Old suburban dreams

click on images for full-size:

A small slide show of pictures of Garden City

Placeholder for images from my next trip to Garden City

I grew up with the older pattern for what counted as a suburb, with a downtown and walkable services, with its own railroad stationto reinstate today.

But there were other aspects of that old pattern: I thought commuting to the city center was natural, and that people above a certain class did not work where they lived. I took for granted residential areas that had uniform populations divided by income and ethnicity and race. I didn't expect to find in the suburbs important cultural or medical facilities, or speciality shopping and ethnic restaurants, or glitter and excitement and themed places. Those were in the city, a railroad ride away. I expected general social order within a fixed framework of civilized arguments and fierce sports rivalries. (As a child I didn't notice the tax fights, the exclusive real estate practices, and the fierce disputes about building new public facilities.)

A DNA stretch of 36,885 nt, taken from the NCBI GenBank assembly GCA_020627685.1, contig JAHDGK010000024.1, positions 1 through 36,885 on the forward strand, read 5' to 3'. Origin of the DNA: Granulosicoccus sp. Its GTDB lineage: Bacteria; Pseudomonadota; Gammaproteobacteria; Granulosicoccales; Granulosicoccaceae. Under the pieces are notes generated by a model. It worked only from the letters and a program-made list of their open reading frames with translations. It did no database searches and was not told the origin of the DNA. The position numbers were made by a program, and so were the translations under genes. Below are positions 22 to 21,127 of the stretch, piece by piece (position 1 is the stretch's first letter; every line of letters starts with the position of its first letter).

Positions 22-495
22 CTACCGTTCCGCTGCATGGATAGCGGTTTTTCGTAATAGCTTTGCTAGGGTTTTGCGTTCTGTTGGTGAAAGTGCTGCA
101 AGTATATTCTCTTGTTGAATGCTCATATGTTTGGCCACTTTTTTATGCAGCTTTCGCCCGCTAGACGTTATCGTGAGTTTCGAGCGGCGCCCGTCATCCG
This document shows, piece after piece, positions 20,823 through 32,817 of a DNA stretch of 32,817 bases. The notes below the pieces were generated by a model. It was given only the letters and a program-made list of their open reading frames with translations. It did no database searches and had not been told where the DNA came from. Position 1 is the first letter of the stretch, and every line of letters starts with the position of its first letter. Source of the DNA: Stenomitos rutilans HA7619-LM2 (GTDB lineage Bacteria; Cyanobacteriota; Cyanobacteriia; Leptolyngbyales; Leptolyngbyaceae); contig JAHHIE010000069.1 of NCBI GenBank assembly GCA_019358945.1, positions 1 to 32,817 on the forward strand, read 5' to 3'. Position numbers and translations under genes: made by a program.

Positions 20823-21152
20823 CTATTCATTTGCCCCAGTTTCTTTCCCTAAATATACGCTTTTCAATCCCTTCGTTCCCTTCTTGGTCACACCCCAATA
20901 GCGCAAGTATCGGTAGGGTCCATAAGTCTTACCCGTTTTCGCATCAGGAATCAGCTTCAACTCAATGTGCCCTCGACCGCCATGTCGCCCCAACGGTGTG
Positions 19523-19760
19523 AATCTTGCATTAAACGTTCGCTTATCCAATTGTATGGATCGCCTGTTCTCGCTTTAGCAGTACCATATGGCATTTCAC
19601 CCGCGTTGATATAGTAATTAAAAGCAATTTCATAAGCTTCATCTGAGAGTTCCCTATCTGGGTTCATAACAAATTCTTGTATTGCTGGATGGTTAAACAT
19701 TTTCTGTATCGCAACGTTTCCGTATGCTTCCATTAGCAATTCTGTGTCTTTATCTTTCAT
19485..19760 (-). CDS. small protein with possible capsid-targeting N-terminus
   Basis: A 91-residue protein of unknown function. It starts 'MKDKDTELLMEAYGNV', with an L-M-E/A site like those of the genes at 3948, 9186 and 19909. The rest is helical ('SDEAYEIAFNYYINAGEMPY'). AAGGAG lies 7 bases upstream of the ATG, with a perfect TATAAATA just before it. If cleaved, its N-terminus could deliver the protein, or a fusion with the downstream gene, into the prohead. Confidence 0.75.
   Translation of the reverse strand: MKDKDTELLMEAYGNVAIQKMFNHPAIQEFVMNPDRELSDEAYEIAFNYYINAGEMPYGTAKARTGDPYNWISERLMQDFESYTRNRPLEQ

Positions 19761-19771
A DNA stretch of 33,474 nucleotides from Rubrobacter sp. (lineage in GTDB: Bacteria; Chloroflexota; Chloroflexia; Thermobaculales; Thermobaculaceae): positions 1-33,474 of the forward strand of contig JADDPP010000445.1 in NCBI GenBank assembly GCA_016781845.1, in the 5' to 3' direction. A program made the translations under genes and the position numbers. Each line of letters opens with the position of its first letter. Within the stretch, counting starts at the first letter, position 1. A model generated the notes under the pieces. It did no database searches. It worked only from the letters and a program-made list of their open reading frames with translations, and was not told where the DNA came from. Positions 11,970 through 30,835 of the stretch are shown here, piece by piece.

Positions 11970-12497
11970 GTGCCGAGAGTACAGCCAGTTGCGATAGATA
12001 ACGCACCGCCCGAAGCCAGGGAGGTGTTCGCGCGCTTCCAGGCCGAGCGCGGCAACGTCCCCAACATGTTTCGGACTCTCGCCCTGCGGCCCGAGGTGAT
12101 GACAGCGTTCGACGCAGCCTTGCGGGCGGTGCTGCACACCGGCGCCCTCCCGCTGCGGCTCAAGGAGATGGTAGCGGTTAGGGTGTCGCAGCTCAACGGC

Then the agricultural land a bit further out Long Island from us began sprouting developments containing only housing. Levittown was not far away, and I remember wondering at its all-at-once newness and visual homogeneity. Such places didn't seem like real towns.